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PLoS ONE. 2008; 3(9): e3280.
Published online Sep 25, 2008. doi:  10.1371/journal.pone.0003280
PMCID: PMC2533699

Species Specificity in Major Urinary Proteins by Parallel Evolution

Leslie B. Vosshall, Editor

Abstract

Species-specific chemosignals, pheromones, regulate social behaviors such as aggression, mating, pup-suckling, territory establishment, and dominance. The identity of these cues remains mostly undetermined and few mammalian pheromones have been identified. Genetically-encoded pheromones are expected to exhibit several different mechanisms for coding 1) diversity, to enable the signaling of multiple behaviors, 2) dynamic regulation, to indicate age and dominance, and 3) species-specificity. Recently, the major urinary proteins (Mups) have been shown to function themselves as genetically-encoded pheromones to regulate species-specific behavior. Mups are multiple highly related proteins expressed in combinatorial patterns that differ between individuals, gender, and age; which are sufficient to fulfill the first two criteria. We have now characterized and fully annotated the mouse Mup gene content in detail. This has enabled us to further analyze the extent of Mup coding diversity and determine their potential to encode species-specific cues.

Our results show that the mouse Mup gene cluster is composed of two subgroups: an older, more divergent class of genes and pseudogenes, and a second class with high sequence identity formed by recent sequential duplications of a single gene/pseudogene pair. Previous work suggests that truncated Mup pseudogenes may encode a family of functional hexapeptides with the potential for pheromone activity. Sequence comparison, however, reveals that they have limited coding potential. Similar analyses of nine other completed genomes find Mup gene expansions in divergent lineages, including those of rat, horse and grey mouse lemur, occurring independently from a single ancestral Mup present in other placental mammals. Our findings illustrate that increasing genomic complexity of the Mup gene family is not evolutionarily isolated, but is instead a recurring mechanism of generating coding diversity consistent with a species-specific function in mammals.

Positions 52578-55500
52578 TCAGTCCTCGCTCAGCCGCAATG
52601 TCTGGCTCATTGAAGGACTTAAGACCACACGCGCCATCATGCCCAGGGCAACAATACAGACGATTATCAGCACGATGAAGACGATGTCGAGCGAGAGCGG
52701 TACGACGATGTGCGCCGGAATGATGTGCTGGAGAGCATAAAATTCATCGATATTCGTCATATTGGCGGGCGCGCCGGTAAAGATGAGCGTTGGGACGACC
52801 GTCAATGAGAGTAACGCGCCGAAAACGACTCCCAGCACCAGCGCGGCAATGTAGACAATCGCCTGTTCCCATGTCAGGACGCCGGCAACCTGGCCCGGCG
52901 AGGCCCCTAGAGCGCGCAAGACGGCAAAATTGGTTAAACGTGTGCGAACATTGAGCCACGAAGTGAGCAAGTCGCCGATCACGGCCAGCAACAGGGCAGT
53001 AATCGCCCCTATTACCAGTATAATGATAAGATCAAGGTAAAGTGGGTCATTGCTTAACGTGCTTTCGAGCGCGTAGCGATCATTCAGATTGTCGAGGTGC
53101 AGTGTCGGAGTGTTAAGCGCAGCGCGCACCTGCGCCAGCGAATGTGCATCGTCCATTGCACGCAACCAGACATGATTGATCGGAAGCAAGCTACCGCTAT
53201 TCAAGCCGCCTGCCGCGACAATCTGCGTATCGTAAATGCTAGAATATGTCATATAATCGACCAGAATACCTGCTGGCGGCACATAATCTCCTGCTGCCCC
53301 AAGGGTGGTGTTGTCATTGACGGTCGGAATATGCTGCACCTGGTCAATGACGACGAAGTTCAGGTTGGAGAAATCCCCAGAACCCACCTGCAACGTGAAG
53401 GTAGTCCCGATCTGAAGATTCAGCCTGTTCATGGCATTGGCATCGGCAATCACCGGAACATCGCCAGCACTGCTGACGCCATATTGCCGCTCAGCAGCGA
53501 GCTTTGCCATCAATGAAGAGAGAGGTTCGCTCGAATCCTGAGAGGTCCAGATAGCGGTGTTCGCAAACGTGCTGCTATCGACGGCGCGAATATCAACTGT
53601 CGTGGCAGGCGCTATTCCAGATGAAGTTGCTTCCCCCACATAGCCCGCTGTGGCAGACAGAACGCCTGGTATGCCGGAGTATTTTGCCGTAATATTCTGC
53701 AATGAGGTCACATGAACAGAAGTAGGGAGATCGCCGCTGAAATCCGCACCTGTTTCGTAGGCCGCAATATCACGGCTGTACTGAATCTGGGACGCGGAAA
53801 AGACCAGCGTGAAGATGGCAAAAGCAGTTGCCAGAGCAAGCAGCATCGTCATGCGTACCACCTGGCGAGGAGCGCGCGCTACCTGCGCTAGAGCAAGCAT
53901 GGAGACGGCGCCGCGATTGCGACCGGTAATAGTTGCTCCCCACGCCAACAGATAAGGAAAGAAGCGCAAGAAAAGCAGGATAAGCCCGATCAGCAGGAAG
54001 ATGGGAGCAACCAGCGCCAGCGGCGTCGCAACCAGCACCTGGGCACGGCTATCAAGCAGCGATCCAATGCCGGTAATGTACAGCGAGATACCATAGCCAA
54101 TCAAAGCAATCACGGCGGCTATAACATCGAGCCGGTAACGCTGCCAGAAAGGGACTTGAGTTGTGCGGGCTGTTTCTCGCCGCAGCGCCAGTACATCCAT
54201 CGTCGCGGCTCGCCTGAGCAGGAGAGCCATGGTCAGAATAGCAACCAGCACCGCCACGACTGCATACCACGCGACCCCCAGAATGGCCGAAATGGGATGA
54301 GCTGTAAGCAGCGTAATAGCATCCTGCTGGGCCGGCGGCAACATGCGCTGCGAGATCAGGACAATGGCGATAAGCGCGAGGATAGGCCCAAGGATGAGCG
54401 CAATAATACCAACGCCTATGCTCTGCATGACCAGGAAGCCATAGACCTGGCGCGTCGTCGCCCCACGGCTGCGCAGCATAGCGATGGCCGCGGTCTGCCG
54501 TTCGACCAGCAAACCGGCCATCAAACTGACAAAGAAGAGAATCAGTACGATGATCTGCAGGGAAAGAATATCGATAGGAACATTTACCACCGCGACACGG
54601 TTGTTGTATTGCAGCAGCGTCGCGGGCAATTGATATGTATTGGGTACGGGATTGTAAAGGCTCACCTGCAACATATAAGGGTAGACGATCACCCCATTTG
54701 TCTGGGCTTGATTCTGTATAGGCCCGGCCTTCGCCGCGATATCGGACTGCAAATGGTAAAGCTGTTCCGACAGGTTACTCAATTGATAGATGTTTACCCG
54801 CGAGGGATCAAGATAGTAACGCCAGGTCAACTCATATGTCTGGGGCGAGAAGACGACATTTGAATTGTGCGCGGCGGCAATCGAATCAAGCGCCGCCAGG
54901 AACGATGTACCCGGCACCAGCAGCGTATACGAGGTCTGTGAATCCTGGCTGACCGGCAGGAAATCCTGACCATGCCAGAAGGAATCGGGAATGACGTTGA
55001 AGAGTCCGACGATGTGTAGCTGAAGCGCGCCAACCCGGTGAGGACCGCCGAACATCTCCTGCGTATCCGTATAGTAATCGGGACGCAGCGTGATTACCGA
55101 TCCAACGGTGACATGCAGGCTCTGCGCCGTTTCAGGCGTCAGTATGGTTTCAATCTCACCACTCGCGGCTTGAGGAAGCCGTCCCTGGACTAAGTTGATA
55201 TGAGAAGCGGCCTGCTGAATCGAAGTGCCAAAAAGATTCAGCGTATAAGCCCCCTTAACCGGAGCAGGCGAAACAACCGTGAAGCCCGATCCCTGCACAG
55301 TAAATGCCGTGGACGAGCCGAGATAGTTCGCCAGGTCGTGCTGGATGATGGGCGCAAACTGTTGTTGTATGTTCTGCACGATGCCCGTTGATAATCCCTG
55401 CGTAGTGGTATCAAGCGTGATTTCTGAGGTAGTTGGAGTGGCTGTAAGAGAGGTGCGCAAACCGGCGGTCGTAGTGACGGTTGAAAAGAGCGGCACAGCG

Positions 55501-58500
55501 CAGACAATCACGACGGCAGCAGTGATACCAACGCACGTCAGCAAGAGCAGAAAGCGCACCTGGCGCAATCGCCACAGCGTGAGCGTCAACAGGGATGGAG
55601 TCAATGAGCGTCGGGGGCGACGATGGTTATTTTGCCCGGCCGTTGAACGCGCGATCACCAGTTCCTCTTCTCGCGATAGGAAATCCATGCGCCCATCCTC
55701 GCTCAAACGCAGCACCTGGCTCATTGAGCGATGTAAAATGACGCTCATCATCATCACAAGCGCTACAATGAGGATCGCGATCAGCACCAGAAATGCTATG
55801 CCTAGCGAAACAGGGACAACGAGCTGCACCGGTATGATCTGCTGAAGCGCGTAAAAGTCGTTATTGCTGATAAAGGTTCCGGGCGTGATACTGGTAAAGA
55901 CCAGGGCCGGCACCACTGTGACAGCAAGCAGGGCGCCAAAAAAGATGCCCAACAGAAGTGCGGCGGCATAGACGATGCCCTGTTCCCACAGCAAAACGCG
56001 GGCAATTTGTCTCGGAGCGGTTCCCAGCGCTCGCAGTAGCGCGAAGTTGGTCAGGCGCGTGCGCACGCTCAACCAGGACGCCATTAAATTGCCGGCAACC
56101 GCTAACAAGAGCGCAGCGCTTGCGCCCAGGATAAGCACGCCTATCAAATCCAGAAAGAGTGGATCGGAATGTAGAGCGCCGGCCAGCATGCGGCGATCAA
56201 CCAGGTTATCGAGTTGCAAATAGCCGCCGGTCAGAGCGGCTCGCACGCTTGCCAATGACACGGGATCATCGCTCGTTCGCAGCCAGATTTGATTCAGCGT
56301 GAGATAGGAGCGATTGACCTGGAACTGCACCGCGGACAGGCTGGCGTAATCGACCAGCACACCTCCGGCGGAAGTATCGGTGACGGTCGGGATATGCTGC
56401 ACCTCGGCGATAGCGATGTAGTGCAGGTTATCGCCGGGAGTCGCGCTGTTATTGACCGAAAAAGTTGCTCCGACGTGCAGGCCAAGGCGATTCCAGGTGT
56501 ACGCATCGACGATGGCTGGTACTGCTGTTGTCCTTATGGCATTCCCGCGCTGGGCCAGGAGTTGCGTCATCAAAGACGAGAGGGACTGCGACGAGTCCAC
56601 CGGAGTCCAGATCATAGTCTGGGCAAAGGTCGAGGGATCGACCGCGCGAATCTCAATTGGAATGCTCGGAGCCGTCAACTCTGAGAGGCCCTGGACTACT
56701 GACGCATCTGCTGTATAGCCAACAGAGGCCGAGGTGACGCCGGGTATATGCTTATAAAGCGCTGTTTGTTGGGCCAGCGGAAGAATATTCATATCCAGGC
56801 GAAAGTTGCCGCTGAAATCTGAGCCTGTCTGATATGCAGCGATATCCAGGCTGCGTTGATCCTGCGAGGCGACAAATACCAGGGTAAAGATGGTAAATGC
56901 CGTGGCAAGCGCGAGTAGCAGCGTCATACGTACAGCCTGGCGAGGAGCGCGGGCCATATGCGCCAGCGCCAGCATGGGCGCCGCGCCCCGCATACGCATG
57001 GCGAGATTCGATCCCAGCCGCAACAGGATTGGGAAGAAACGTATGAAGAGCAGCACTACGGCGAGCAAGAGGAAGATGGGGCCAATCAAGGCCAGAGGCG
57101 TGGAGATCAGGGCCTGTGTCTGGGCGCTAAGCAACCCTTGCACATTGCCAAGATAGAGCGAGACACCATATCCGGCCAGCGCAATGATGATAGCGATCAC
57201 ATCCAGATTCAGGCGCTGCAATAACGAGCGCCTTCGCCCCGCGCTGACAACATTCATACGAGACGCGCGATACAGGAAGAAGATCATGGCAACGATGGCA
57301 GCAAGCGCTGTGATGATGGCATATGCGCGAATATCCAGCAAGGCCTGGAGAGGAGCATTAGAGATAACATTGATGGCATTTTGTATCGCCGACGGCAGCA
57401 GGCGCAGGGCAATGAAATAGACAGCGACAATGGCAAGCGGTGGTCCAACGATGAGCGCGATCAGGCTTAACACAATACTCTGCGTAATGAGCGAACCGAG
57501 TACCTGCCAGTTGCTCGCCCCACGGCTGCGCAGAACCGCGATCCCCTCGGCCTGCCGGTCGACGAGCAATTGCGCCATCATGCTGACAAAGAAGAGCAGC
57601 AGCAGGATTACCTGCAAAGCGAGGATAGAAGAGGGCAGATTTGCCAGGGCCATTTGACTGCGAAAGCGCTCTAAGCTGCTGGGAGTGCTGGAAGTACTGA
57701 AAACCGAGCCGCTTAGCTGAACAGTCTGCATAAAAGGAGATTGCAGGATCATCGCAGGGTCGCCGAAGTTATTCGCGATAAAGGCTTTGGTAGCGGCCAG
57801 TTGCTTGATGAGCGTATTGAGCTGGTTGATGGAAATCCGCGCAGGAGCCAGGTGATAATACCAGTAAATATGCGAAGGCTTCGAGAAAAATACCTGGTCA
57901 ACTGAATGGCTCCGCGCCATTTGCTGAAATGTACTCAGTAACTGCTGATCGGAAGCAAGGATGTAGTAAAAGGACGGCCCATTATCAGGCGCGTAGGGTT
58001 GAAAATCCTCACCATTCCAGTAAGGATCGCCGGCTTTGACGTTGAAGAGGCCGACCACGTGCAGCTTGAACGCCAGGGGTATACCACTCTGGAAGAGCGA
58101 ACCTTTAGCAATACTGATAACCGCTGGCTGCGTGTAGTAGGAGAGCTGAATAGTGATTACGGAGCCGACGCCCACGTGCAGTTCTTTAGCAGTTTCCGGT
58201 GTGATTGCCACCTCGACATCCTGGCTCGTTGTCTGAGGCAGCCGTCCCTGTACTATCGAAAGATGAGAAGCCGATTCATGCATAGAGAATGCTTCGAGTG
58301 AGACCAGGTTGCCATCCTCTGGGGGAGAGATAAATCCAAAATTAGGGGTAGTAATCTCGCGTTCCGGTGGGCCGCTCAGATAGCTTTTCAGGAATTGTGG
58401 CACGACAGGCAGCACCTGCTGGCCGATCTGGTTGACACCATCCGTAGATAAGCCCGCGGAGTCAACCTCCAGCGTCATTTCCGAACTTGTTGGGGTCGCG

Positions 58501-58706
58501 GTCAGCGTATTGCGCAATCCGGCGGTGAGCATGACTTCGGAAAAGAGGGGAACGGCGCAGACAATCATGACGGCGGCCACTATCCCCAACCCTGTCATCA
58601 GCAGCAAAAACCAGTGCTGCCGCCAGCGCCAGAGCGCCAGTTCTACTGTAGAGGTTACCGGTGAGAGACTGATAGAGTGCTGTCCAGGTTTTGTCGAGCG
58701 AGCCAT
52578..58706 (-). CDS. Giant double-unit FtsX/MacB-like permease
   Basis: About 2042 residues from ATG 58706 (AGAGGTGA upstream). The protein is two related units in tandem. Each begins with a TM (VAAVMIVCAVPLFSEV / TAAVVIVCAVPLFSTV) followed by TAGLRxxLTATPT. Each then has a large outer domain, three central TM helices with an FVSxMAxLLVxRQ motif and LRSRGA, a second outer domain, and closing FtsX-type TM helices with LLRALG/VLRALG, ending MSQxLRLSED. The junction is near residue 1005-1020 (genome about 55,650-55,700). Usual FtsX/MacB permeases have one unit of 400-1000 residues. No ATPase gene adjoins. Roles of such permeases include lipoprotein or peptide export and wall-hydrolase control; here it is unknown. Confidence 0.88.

Introduction

Mouse major urinary proteins (Mups) are synthesized in the liver, secreted through the kidneys, and excreted in urine in milligram quantities per milliliter [1], [2]. This abundant protein excretion is thought to play a role in chemo-signaling between animals to coordinate social behavior. Mups belong to a large family of low-molecular weight ligand-binding proteins known as lipocalins, which share the fundamental tertiary structure of eight β-sheets arranged in a β-barrel open at one end with α-helices at both the N and C termini [3]. Consequently, they form a characteristic “glove” shape, encompassing a hydrophobic binding pocket that is able to bind specific small organic molecules [4].